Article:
Sometimes I wonder if I see hints of what is to come. Consider, for example, the manner in which it has become acceptable in some left-wing circles to talk of ‘whiteness’ and white people. This constitutes an absolute abandonment of the legacy of Martin Luther King – or rather, the Rev’d Dr. Martin Luther King – whose approach to the issue of racial justice, being thoroughly and consciously Christian, appealed to a universal morality, a common humanity, and accordingly did not invite or allow the denigration of anyone on account of their race. ‘Whiteness,’ or rather, the readiness of certain people to speak of it as they do, could contain the seed of great future evils. Or maybe the appearance of sexual slavery in eastern Europe in recent decades gives us a glimpse of a more brutal future. I also think of Les Kolakowski’s suggestion that the fact that the Enlightenment and Christianity are going down together shows that the hope of a building an ethical order on reason alone was always futile. These, however, are large matters, for another time.

Whatever the future may hold, I have become convinced in recent years that an immense, objective change in the moral landscape began two millennia ago: the differences between ancient Greece and Rome, and what follows them, are too great to deny (which is not, of course, to say that those differences have a divine origin). Holland’s shows just how deeply this change continues to affect us. Given how little so many of us know about these things today, Dominion is likely greatly to deepen the understanding of most of its readers.

Finally, for those too lazy to read a book, there are now a few YouTube videos available which feature Holland talking about the substance of his book. These are well worth your time, insightful whether you read the book or not. For example, watch about three and a half minutes of this from 22:15 on the subject of the development of the notion of conscience in Christianity, of the notion that God’s law is written on the human heart, and how helpful this is for the possibility of progress, of recognising that things can be improved. This one is also good, as is this one (scroll to the bottom for the podcast). This podcast as well. The last 15 minutes or so of this is also on topic. [Oct. 20th] This is also worth a listen.

University Censorship, 16th Century Edition

In recent years I’ve found that I have ever greater cause to reflect on just how much our political culture has changed in the last decade or two. Things I read about years ago in history books – things that I assumed would stay in history books – are now to be found in the news. Here I want to present one example of this phenomenon, from one of my favourite books, Iberia by James Michener (a must-read for anyone interested in or travelling to Spain). The story he tells in the paragraphs below begins with a description of a place you can still visit at the University of Salamanca…

“…a stone-arched classroom left pretty much as it must have been on that day in December, 1578, when Fray Luis de Leon returned after an absence of some years. The rude benches without backs remain the same and the small windows in the outer walls. The lectern with its canopy is the same as the one at which the professor stood that eventful day. The room was crowded, not only because Fray Luis was the most famous of the Salamanca lecturers, a wise, gentle elderly man of sweet understanding and compassion, but because he had accomplished something that few men of his day could parallel.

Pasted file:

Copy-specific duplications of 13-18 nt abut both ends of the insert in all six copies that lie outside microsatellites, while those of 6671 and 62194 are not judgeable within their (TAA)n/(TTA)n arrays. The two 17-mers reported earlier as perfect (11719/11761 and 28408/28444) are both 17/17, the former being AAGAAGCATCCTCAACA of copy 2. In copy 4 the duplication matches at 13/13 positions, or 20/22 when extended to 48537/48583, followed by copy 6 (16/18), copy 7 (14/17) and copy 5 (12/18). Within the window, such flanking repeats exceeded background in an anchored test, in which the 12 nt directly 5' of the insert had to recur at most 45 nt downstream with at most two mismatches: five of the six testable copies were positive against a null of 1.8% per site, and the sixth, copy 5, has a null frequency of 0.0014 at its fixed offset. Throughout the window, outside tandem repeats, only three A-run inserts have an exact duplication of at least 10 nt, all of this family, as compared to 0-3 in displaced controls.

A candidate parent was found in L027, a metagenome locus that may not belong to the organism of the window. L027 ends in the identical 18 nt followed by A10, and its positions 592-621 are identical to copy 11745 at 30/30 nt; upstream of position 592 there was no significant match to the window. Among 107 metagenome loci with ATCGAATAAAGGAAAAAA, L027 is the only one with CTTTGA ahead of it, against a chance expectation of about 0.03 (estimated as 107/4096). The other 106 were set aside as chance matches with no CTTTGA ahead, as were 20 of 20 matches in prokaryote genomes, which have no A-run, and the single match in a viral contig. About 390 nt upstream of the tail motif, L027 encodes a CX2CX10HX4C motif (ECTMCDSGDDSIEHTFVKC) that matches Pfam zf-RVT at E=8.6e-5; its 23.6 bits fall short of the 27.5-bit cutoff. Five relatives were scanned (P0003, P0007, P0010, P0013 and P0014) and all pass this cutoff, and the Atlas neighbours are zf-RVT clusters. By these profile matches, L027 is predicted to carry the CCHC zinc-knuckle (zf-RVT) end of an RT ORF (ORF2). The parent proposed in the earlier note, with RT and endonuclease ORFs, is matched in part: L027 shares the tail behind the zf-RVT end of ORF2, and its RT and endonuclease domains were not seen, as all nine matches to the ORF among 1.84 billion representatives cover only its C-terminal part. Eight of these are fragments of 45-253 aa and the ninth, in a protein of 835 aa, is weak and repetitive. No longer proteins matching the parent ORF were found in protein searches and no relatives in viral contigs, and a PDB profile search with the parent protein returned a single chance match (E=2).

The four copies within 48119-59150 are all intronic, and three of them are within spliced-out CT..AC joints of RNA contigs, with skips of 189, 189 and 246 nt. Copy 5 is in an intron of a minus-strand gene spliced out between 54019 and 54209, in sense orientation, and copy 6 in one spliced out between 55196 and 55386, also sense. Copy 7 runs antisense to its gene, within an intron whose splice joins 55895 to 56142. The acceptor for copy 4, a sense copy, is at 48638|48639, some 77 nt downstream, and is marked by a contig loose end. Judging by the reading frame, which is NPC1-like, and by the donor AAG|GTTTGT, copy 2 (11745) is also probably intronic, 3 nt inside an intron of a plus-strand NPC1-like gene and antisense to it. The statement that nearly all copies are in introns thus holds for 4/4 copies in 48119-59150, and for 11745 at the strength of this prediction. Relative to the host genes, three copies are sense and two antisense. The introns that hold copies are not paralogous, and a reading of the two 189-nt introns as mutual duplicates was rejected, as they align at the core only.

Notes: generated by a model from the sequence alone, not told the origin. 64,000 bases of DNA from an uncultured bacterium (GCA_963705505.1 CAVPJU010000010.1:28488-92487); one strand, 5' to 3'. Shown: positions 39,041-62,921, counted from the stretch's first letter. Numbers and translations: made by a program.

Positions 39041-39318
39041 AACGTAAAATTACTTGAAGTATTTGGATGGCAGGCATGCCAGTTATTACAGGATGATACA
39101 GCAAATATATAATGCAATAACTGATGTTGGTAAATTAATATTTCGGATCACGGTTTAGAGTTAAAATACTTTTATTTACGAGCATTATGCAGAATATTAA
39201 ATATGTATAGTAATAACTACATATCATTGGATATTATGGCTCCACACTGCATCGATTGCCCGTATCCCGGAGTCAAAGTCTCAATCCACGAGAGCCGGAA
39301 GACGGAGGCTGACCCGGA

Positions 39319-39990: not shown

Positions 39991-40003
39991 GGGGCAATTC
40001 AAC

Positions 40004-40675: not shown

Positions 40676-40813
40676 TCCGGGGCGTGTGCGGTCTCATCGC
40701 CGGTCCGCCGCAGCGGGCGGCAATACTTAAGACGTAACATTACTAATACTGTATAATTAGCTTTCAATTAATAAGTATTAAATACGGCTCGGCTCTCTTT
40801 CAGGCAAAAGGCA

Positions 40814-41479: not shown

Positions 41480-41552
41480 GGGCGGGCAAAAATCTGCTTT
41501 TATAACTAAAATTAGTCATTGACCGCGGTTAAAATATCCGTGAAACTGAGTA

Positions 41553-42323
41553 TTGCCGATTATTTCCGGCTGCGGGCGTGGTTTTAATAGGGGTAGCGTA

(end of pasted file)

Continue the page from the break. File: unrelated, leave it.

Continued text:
In 1572, at the height of a brilliant career as Spain’s leading theologian and humanist, he was attacked by jealous persons in the university, who whispered to the Inquisition, ‘We all know that Fray Luis is half Jewish, so he’s suspect to begin with. But he has now translated King Solomon’s Song of Songs into the vernacular. He invites even the most ordinary man in Salamanca to read it. And that is heresy.’ Especially serious was the additional charge that often, after studying the original Hebrew version of the Bible, he would question the accuracy of the Latin. Fray Luis was apprehended and for several months was under interrogation, after which he was thrown into jail at Valladolid, where he heard only silence. At the end of a year he pleaded to be told what the charges against him were and who his accusers, but he heard nothing. His trial was intermittent and clandestine; all he knew was that he had committed some serious crime bordering on heresy, but its definition he never knew. Finally, after nearly five years of this, he was set free and, what was the more miraculous, allowed to return to his post in Salamanca…

This was the morning of his reappearance, and notable persons came to the university to hear his reaction to his long persecution. As he made his way from his rooms, his gown slightly askew in his usual careless manner, the university plaza was crowded with silent students. Fray Luis walked with his eyes straight forward, not daring to acknowledge the furtive glances of approbation which greeted him. As he entered the cloisters and elbowed his way through the crowd he came at last to the room in which he had taught for so many years, and when he saw its familiar outlines, with his friends perched on the narrow benches, and when he knew that among them must be those whose rumors had caused his imprisonment and who would surrender him again to the Inquisition within a few years (he was to die in disgrace at Madrigal de las Altas Torres), he must have wanted to lash out against the injustice he had suffered and would continue to suffer as a Jew and a humanist. Instead he stepped to the rostrum, took his place behind the lectern, grasped the lapels of his robe, and smiled at the crowd with the compassion that marked all he did, and said in a low, clear voice, ‘As we were saying yesterday…’ And he resumed his lecture at the precise point of its interruption five years before.”